Lately I’ve been revisiting the missionary journey of Jim Elliot, his family, and friends as they used everything they had to reach the Auca people and others for Christ. His widow, Elisabeth Elliot, shares of their journey of faith in her book Through the Gates of Splendor, giving us a glimpse into the struggles and joys they shared on the mission field. Jim and his friends had such a conviction to spread the Gospel that they gave up a comfortable life in America, moved to the rainforest, and poured their lives into the people around them. They had little use for worldly distractions and comforts to misguide their focus.
Not everyone is called to the foreign mission field, just as not everyone is called into vocational ministry. However, as followers of Christ, we are all called to make disciples and spread the Gospel. My own heart has been convicted as I’ve been pondering the Elliots’ sacrifice. Too often I allow myself to get caught up worrying about other people’s choices and seeking my own comfort. These things point to self, but I desire my life and focus to point to Christ. I want to be focused in my prayer for our missionaries, our community, and the unreached people groups.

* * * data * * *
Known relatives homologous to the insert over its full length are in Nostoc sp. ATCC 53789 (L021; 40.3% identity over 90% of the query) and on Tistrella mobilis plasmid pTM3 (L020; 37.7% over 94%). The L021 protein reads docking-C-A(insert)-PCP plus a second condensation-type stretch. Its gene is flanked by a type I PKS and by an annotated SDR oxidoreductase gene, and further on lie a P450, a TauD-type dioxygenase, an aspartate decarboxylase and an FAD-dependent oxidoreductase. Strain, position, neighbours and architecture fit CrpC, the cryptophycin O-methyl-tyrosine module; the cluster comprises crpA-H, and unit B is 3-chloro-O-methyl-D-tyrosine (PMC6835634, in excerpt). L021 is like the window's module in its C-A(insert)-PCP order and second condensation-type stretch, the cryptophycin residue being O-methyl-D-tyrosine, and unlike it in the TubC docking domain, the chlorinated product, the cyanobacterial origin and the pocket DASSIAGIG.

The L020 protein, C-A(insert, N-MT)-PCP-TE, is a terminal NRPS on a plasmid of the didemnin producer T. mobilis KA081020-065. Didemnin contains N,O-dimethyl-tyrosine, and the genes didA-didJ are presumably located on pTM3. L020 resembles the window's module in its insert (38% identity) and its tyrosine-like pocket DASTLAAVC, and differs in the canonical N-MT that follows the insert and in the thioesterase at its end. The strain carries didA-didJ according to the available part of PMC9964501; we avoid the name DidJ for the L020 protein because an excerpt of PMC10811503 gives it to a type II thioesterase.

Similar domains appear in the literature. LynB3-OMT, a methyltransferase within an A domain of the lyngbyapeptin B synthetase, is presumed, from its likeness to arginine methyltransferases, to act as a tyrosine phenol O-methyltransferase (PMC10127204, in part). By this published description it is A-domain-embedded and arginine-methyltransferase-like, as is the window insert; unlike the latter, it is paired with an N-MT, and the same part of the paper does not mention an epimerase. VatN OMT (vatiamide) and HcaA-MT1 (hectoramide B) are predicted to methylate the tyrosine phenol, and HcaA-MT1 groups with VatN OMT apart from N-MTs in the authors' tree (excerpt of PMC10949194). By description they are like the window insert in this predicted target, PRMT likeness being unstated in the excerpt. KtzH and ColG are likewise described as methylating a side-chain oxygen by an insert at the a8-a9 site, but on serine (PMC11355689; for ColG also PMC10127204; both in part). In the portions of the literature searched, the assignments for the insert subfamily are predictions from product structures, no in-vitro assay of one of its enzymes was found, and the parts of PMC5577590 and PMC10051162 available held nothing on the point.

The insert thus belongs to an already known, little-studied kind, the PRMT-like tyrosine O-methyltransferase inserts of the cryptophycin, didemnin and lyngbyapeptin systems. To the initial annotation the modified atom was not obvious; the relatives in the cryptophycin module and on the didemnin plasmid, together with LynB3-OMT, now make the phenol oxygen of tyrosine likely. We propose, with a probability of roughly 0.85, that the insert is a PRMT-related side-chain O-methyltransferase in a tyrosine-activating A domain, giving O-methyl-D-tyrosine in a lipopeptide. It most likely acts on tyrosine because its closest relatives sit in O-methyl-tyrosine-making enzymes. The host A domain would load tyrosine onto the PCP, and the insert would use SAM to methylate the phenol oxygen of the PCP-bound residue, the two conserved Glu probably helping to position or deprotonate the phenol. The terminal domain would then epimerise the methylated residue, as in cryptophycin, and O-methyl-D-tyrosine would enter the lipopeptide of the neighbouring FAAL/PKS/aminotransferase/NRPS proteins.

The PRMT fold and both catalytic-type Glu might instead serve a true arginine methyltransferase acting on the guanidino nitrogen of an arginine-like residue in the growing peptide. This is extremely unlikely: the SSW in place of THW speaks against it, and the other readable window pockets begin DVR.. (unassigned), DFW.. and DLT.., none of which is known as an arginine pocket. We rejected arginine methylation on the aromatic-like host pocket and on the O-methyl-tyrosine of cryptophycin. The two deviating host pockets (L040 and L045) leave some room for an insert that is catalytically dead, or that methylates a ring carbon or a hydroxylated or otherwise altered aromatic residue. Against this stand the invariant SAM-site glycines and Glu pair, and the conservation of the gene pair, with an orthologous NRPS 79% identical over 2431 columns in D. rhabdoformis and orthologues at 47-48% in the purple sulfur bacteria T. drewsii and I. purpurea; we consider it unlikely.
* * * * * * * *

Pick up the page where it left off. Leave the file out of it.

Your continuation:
This Psalm is a powerful reminder of God’s saving power among all the nations. It’s a call to praise Him for his grace and mercy. God is our sovereign ruler, whom we can trust and should exalt. So today, as you get tangled up in worldly comforts and arguments, re-read this Psalm. Praise God and be glad; our God is good! Seek to share His glory with those around you, be focused on your call as a Christ follower, and lift others up in prayer. Let’s refocus together!
As a deer pants for flowing streams, so pants my soul for you, O God.Psalm 42:1-3